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Pro-poor trade policy in Sub-Saharan Africa

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  • Nicita, Alessandro
  • Olarreaga, Marcelo
  • Porto, Guido

Abstract

This paper examines the presence of a pro-poor bias in the existing structure of protection of six Sub-Saharan African (SSA) countries, Burkina Faso, Cameroon, Côte d'Ivoire, Ethiopia, Gambia, and Madagascar. We build on a simple agricultural household production model and we propose an extension to include adjustments in labor income. Our approach, which can be implemented without repeated cross-sections of household level data, suits well the data constraints in SSA. It also allows us to capture the heterogeneity in trade protection at the tariff line level. The pro-poor bias indicators suggest that SSA's trade policies tend to be biased in favor of poor households, as these policies redistribute income from rich to poor households. This is because protection increases the agricultural prices of goods that are sold by African households and this effect dominates both the impacts of higher consumption prices and the strong Stolper–Samuelson effects that benefit skilled over unskilled workers.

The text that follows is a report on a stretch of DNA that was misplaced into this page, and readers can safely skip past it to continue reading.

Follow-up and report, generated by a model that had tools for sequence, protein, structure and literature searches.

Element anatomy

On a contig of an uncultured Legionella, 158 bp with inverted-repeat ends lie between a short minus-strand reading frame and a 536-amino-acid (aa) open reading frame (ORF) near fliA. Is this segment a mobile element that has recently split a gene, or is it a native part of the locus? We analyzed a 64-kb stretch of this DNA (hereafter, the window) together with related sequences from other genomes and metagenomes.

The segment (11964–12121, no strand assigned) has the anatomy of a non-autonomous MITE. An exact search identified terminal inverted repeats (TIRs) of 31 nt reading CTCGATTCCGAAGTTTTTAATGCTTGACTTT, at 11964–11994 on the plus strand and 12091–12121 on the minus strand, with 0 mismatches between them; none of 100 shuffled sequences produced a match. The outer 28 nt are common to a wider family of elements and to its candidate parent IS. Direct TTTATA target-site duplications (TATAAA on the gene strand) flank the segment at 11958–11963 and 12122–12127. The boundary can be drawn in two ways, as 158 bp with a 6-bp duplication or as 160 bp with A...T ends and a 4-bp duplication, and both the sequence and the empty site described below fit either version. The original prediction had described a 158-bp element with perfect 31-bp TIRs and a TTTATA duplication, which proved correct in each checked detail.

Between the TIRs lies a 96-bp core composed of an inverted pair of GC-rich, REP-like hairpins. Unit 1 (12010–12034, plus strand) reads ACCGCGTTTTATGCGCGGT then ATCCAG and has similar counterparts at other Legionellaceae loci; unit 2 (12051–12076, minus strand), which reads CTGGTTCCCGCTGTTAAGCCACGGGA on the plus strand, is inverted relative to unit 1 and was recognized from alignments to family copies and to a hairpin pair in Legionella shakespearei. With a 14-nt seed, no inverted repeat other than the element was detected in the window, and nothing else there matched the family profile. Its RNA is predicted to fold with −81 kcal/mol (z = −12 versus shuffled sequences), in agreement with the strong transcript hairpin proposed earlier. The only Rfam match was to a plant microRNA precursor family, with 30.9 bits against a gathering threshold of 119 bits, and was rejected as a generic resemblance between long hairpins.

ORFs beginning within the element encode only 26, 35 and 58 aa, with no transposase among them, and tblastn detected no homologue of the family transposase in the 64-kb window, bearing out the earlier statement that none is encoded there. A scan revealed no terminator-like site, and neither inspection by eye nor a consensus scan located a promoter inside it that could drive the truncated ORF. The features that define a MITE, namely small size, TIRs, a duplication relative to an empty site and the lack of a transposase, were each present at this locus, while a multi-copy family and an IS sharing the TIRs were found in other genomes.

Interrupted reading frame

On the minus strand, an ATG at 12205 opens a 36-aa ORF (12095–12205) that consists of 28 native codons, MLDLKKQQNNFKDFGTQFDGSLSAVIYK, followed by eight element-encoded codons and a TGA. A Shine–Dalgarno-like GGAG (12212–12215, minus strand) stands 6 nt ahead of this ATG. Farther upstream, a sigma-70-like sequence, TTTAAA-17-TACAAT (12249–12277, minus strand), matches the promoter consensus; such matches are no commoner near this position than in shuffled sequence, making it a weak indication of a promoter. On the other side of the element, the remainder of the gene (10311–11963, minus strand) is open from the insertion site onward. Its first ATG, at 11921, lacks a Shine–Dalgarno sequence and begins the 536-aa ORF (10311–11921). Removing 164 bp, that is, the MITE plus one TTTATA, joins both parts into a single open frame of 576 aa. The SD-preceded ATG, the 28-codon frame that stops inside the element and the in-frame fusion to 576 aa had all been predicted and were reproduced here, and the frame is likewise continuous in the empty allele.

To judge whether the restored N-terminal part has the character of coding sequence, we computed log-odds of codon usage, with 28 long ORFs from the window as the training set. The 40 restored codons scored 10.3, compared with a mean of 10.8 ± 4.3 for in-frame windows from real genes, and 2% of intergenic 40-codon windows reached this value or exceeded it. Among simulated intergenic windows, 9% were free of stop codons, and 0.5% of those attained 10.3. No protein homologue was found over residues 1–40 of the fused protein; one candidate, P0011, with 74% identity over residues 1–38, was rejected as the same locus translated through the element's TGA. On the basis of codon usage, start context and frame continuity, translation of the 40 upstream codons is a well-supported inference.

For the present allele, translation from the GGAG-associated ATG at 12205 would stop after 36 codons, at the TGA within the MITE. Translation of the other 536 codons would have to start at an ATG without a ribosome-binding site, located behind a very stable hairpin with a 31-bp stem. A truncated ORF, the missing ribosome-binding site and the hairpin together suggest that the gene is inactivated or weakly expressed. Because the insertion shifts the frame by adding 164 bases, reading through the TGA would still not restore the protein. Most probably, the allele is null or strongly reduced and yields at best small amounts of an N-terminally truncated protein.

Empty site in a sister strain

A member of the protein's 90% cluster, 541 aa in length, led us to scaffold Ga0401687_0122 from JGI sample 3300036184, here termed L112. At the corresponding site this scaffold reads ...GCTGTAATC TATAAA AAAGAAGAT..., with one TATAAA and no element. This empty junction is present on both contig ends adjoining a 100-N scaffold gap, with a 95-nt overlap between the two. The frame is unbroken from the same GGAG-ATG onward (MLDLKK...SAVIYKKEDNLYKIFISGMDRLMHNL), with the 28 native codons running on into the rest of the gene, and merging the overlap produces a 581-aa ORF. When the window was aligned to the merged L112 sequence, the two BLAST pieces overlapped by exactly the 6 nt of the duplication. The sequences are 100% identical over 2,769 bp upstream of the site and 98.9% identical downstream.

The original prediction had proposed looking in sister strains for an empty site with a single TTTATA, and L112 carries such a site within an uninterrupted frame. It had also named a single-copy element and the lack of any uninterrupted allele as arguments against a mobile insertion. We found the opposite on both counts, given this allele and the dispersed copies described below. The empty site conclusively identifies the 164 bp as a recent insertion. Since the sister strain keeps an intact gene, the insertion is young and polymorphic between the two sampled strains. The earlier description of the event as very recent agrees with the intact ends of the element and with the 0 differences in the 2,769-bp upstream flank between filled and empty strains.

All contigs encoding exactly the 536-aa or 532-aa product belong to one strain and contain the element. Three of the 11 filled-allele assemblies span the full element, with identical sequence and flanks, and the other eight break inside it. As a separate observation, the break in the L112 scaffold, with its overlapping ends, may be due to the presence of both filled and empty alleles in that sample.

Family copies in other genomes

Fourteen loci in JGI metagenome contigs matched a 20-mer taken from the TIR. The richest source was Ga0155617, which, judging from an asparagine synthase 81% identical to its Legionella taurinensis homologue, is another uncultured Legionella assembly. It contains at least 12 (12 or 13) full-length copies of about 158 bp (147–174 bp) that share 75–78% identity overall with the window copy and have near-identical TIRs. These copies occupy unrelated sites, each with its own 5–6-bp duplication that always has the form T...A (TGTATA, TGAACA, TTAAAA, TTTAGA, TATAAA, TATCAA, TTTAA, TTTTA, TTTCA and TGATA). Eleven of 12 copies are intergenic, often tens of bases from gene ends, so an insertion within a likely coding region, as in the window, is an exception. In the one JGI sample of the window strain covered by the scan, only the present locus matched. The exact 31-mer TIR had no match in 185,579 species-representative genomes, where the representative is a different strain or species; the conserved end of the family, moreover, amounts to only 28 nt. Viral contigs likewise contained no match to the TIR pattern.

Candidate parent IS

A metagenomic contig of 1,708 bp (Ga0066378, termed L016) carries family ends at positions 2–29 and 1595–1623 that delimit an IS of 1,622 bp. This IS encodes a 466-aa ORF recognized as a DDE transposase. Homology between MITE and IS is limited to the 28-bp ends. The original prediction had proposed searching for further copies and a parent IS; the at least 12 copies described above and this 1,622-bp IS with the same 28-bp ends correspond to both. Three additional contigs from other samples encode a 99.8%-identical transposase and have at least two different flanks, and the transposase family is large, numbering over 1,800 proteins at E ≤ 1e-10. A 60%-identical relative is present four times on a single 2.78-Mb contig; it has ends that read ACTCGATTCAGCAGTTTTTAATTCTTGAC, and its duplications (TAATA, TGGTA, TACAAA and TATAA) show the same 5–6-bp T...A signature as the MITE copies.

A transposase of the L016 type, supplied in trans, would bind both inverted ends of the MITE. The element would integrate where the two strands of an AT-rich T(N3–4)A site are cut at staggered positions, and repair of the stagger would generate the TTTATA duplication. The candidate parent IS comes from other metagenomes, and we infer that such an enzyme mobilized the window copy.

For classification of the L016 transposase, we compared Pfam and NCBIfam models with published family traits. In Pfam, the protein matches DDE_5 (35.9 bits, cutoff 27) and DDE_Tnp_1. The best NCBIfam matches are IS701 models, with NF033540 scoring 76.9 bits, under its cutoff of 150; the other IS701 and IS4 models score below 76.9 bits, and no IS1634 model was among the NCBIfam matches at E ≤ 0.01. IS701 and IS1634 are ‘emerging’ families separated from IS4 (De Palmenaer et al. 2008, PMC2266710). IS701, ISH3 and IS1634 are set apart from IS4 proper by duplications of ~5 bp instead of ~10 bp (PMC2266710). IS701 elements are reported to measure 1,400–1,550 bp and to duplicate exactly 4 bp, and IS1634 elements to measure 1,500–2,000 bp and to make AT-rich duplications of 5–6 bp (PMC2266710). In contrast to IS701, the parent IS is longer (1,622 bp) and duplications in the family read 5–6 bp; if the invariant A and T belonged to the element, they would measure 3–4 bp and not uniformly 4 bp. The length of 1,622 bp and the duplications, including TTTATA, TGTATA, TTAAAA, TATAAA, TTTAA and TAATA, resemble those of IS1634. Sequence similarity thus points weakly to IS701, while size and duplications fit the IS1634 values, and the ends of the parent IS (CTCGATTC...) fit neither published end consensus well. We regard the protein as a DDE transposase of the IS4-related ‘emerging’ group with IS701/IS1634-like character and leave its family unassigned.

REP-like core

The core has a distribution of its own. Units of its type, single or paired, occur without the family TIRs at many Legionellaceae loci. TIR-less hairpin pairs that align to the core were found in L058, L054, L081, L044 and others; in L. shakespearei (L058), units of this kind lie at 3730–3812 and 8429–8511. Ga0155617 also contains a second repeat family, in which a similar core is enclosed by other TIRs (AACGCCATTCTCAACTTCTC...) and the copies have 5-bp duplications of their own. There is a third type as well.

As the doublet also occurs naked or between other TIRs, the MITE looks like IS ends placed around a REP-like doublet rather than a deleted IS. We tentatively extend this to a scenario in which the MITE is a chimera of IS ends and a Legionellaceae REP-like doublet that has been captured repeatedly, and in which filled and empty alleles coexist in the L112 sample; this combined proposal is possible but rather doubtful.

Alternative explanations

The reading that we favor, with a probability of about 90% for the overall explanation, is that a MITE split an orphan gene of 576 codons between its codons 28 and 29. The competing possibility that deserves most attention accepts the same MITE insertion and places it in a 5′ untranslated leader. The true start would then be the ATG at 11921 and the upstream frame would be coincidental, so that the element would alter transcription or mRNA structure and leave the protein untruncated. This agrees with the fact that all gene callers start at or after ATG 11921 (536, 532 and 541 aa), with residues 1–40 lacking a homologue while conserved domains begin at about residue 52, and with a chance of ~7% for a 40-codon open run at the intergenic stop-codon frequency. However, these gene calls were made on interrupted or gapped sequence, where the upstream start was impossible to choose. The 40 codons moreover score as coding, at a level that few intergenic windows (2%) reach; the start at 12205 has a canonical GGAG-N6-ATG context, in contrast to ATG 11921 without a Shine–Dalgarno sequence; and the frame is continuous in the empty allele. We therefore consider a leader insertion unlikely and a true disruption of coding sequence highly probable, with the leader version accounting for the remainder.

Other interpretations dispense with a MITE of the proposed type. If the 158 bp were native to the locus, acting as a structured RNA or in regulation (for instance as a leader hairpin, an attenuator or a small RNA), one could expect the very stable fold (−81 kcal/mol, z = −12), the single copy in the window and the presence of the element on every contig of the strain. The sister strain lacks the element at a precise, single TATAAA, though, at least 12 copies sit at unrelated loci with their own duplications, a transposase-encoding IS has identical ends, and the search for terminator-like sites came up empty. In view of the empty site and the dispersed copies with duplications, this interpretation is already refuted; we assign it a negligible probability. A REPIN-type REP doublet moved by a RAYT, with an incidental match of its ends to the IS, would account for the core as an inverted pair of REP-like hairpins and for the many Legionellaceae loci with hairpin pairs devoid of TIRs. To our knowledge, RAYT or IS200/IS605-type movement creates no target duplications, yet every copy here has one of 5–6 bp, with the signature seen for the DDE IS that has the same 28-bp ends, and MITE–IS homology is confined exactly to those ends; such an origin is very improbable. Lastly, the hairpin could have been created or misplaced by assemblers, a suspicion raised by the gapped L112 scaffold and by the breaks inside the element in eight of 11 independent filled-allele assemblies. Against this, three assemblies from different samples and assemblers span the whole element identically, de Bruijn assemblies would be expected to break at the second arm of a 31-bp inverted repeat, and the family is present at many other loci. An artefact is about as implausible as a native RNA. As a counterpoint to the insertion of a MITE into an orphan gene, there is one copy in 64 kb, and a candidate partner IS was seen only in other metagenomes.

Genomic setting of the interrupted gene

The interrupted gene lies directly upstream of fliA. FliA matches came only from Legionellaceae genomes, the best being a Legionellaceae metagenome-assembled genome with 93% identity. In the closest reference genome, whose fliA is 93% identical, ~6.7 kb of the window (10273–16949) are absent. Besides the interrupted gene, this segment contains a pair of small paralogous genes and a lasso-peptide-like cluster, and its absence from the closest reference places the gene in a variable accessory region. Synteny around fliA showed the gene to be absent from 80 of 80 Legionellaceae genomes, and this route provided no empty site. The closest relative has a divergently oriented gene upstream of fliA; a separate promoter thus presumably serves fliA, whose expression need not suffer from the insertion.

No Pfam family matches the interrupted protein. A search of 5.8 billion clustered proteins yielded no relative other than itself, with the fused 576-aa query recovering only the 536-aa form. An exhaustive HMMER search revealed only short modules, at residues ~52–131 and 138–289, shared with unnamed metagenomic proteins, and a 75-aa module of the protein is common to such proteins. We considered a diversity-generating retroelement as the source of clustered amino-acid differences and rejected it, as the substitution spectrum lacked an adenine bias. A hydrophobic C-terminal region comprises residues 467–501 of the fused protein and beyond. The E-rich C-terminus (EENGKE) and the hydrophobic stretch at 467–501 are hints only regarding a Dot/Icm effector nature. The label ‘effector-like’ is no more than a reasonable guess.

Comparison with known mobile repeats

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Bibliographic Info

Article provided by Elsevier in its journal Journal of International Economics.

Volume (Year): 92 (2014)
Issue (Month): 2 ()
Pages: 252-265

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Handle: RePEc:eee:inecon:v:92:y:2014:i:2:p:252-265

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Web page: http://www.elsevier.com/locate/inca/505552

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Keywords: Trade policy; Wage elasticities; Poverty; Sub-Saharan Africa;

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